Modest Chinese panel fetches record Australian auction price

Somehow a 19th century Chinese Qing Dynasty framed panel (lot 940) with the modest catalogue estimate of $250-$350 scooped the auction pool at Melbourne-based Leski Auctions Decorative Arts & Collectables on August 14 and 15 when it changed hands for a staggering $47,800 including buyer’s premium.

Bidding for the panel was extraordinary as 87 per cent of lots sold across two sessions with Leski Auctions auctioneers spending almost 20 hours on the rostrum in an empty auction room because of current Victorian COVID-19 restrictions catering to online, telephone and absentee bidders.

Perhaps the frustrations of the coronavirus pandemic is to blame for items that normally might not attract a second glance fetching such massive prices.

Whatever the reason, Leski Auctions and the vendor were more than happy with the eventual hammer price.

The second highest item – a circa 1853 Chinese export silver two-handled presentation cup (lot 7) by Cutshing in Canton – sold for $39,435 on a $5000-$7500 estimate, while a 19th century Chinese silver teapot (lot 8) brought $31,070.

Lot 25, a rare Georgian sterling silver centrepiece circa 1771 by Emick Romer of London (lot 25) sold for $23,900.

The son of Norwegian goldsmith Michelson Romer, after moving to London Emick became renowned for his silver epergnes and apparently enjoyed royal patronage from George III and Queen Charlotte.

A vintage Georg Jensen yellow gold necklace designed about 1965 by Tuk Fischer (lot 811) was another pleasing result, bringing $16,730, more than double the catalogue estimate.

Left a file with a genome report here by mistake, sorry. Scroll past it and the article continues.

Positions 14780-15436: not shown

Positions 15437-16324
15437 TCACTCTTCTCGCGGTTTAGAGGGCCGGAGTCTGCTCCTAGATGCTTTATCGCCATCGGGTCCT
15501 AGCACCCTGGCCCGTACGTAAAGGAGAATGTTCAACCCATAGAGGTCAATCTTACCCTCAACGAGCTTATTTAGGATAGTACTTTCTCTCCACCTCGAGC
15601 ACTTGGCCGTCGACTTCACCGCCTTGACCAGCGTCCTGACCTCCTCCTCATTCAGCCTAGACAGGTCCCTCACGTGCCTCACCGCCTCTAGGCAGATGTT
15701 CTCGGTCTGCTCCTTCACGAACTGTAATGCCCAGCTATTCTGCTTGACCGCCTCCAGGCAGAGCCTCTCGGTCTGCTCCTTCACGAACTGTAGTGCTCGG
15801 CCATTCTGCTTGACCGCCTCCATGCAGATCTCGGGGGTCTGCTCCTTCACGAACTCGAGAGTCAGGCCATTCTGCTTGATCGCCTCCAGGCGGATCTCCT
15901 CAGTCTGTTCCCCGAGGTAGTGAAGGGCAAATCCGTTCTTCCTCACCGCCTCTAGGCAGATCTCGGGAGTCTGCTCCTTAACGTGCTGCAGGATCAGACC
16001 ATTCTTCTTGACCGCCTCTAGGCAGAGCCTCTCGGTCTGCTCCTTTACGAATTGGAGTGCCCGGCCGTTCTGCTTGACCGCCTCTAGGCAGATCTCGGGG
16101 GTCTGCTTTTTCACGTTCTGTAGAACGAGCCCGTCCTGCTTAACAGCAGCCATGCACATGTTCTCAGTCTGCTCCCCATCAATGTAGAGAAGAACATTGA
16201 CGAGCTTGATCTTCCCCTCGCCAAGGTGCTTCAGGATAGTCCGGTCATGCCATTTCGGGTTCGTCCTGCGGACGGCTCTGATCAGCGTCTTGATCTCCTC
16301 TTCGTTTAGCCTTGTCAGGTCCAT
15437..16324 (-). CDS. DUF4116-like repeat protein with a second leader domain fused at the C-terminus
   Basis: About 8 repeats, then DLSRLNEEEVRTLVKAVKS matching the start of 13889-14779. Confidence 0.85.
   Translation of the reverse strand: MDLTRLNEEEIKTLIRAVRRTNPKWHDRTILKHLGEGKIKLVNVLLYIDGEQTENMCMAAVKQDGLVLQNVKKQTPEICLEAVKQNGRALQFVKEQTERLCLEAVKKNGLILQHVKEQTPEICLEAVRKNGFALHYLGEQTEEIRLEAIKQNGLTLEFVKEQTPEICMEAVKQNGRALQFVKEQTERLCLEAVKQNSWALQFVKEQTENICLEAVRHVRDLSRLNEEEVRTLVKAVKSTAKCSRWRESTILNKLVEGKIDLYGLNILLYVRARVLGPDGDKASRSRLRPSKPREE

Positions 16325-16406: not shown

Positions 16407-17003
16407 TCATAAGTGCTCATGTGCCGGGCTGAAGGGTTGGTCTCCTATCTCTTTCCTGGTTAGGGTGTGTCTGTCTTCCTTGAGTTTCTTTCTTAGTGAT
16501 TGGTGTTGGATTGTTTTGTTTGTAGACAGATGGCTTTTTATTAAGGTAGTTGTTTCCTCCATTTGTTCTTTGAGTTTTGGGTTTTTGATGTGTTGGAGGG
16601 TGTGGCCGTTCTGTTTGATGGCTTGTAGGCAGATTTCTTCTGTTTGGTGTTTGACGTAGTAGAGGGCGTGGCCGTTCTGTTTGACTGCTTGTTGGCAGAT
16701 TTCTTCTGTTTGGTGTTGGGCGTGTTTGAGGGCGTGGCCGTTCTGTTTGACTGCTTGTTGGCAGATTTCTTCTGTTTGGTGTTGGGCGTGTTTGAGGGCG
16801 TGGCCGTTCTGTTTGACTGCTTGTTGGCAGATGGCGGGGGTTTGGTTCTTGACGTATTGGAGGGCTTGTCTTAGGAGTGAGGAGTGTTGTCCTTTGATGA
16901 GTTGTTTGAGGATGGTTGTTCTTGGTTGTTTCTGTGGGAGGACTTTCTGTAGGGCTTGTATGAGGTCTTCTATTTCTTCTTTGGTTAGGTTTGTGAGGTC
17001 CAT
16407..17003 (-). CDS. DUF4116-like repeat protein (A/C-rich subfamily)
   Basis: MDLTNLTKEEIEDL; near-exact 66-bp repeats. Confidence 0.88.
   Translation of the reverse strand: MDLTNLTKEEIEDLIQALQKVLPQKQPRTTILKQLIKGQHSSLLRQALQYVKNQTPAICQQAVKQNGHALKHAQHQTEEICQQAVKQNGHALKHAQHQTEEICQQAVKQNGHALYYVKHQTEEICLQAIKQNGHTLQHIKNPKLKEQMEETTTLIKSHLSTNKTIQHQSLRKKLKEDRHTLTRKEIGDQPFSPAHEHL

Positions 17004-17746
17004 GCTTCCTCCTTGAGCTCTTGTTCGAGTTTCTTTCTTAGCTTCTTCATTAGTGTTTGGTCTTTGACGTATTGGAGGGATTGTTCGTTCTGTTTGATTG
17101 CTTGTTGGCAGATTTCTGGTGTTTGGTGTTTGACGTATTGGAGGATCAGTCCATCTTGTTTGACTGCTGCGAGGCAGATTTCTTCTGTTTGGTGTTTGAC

Dino Martens circa 1950 “Vetro Epico” Murano glass jug (lot 325) sold for $13,145 against a $5500-$6500 estimate and an unusual 19th century English glass dump doorstop (lot 284) had another vendor jumping for joy when its $400-$600 estimate turned into an $11,950 auction result.

An oil painting entitled Blossom Trees (lot 1183) by Indonesian artist Haji Widayat (1919/23-2002) returned a solid $10,755 on a $300-$5000 estimate, while another Dino Martens design (called “Oriente”) Murano glass vase (lot 330) – engraved “Omaggio A. Dino Martens + Aldo Polo, A. Bon – brought $10,157.50.

A master glass blower who executed designs for Dino Martens at Aurelio Toso, Aldo Bon’s son Bruno later became a director of the company. Signed pieces of Dino Martens designs are extremely rare and this one is most likely Bruno’s tribute to his father and Martens.

Also included among the top selling items is a circa 1900 Amphora “Wingless Horned Dragon” Austrian pottery vase (lot 209) stamped “Stellmacher, Teplitz.


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